I think I wrote something about this some columns back. But it is worth repeating just in case some folks think this problem is forgotten, swept under the rug. NAIA Last Friday I reported Sec Abaya’s text message to me that they are currently procuring the consultancy services and the construction management services for the NAIA1 makeover. “We expect to award and issue NTP on or before Oct. 15. The gencon we expect to award Nov. 15 and issue NTP end of November,” Abaya said. A reader e-mailed his reaction: “So where are the advertisements for bidding these works? They are not shown on the DOTC website? Or will they just appoint someone like they seem to prefer these days?” Kenneth Cobonpue, who offered his interior design services for free and was initially rejected by then DOTC Sec Mar Roxas, is now working on the project. He told Ces Drilon in the ANC program Pipol that “The concept is done, it was already made. It just needs further refinement.” Cobonpue told Ces: “I think the task of the government now is how to execute it well. I think a little change at the airport is really a big boost to the country because it really is a symbol of everything wrong that has been happening to our country.” I am hoping for the best but will believe things will soon get better only when I see them actually doing something. I am concerned that no bidding has been scheduled… so how can Sec Abaya meet the deadlines he told me? Shut down I wish we can have a government shutdown like the US that would send home non essential people on the payroll. Imagine sending all our senators and congressmen home.

Boo Chanco’s e‐mail address is Follow him on Twitter @boochanco‐fast‐moving‐projects‐daw 

Phl rema ains in n swe eet sp pot – A ANZ By Ted P. Torres T (The Ph hilippine Star) | Updated Octo ober 7, 2013 - 1 12:00am

MANILA, Philippines - The Philippin es remains in a sweet spot,, posting high growth amid a a low infla ation environm ment, the Austtralia and New w Zealand Ban nk (ANZ Ba ank) said in a report. r “This hig ghlights our vie ew that the eco onomy has sh hifted to a struccturally higherr growth patth, increasing its absorption capacity,” AN NZ Bank said. With a thirrd rating upgra ade from Mood dy’s Investors Service, the P Philippines is n now rated inve estment grade e by all major agencies. a The recent revision upw wards by the Asian Developm ment Bank of iits growth outllook for the Ph hilippine econo omy, plus the do ownward revis sion of the rest of its Southe east Asian neig ghbors only sttrengthens its “sweet” positio on. It added th hat the Bangko o Sentral ng Pilipinas P (BSP)) would adopt a tightening b bias by the seccond semesterr of 2014. Assuming a monetary policy transmis ssion lag of 15-24 months, A ANZ Bank said d the BSP has room to asse ess whether re estricting the client-directed c investment management acccounts (IMA)) from the speccial deposit accounts (SDAs) ( has tra anslated to a significant s incrrease in creditt to productive e sectors of the e economy. Overall cre edit has remaiined strong ex xpanding 13 pe ercent year-on n-year in Augu ust. Loans to m manufacturing picked up 10.1 percent, pointing to gro owth in produc ction. The earlier assumption maintains thatt the BSP wou uld hold monettary policy rate es but the cen ntral bank wou uld slightly inc crease it by 25 5 basis points by the second d semester of 2 2014. “The (Philiippine) econom my has shifted d to a structura ally higher gro owth path,” the e bank reiterated. ANZ Bank k sees this yea ar’s inflation att 2.7 percent and a at 3.6 perccent in 2014. Despite po osting an averrage 7.6-perce ent growth rate e in gross dom mestic product (GDP) in the e first semester of the year, headline h inflation has been lower than the e BSP’s target range in the last six monthss. The BSP targets t headlin ne inflation to post a full-yea ar average of tthree to five pe ercent in the 2 2013-2014 policy horizon, and two to four percent for th he 2015-2016 policy horizon n.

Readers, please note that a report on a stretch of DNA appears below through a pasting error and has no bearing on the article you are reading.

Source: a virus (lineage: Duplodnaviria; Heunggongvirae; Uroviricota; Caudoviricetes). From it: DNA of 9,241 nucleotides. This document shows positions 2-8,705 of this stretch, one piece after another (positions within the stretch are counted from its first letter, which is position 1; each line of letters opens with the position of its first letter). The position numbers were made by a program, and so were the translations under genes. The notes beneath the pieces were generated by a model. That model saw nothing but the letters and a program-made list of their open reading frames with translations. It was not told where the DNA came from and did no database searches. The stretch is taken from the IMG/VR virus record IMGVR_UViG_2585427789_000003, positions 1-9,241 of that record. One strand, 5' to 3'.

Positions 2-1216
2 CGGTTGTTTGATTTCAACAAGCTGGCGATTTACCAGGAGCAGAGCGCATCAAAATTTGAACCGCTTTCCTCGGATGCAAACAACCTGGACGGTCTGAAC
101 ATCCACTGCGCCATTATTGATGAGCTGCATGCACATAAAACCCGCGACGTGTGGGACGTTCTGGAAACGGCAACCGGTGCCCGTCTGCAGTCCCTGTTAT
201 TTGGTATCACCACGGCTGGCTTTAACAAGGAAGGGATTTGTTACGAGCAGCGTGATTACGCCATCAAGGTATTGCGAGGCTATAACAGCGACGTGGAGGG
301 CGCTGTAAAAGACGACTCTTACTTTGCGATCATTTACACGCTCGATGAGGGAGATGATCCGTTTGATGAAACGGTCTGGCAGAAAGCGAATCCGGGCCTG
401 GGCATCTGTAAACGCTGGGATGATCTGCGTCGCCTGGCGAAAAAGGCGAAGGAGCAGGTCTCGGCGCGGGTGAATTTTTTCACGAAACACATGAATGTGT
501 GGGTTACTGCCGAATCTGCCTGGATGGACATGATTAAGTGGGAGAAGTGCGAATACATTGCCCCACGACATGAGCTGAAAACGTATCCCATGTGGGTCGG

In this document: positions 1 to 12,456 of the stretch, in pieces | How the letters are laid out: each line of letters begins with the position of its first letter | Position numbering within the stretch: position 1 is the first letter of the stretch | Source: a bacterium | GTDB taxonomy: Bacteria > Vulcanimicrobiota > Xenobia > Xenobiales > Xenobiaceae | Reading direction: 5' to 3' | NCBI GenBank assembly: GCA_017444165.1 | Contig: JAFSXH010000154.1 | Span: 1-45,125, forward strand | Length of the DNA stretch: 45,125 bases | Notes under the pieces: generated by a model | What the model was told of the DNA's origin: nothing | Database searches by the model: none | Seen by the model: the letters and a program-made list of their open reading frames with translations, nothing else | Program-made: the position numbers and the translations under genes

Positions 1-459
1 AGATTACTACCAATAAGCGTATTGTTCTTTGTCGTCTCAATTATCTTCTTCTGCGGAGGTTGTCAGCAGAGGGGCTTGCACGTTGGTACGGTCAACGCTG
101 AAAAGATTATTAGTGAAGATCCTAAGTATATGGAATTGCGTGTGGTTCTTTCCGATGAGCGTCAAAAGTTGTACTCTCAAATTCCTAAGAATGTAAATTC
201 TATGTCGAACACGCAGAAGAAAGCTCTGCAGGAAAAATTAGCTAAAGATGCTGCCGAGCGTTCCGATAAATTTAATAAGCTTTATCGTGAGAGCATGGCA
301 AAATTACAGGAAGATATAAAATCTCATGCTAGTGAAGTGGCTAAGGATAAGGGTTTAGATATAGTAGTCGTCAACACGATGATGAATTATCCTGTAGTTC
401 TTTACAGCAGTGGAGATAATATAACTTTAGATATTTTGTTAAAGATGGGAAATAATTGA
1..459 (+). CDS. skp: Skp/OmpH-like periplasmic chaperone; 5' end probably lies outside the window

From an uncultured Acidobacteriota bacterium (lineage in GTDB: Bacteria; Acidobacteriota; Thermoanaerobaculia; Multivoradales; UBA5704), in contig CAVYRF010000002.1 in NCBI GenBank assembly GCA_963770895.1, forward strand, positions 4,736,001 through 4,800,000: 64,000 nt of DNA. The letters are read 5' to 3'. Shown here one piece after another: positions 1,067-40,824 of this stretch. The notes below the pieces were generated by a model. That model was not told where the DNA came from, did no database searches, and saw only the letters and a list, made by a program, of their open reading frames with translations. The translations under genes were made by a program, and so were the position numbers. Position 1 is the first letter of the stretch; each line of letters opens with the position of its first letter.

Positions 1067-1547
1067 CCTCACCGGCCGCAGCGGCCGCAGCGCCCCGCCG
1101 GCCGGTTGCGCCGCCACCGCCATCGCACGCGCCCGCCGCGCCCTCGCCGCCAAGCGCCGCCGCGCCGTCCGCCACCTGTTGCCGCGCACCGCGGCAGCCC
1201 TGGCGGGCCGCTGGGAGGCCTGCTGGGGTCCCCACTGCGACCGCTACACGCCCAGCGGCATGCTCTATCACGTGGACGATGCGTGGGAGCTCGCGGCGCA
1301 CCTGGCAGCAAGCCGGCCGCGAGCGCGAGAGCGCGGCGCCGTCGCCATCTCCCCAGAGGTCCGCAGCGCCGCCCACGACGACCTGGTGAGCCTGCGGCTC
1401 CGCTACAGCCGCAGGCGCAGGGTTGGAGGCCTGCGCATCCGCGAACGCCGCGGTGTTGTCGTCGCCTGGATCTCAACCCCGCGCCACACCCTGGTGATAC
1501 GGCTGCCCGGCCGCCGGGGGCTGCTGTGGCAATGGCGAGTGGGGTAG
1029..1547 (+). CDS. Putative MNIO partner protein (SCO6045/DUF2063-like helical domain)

http://ww om/business//2013/10/07//1242235/ph l‐remains‐sw weet‐spot‐anz   

Mindanao seen to have enough power by 2015 By Iris C. Gonzales (The Philippine Star) | Updated October 7, 2013 - 12:00am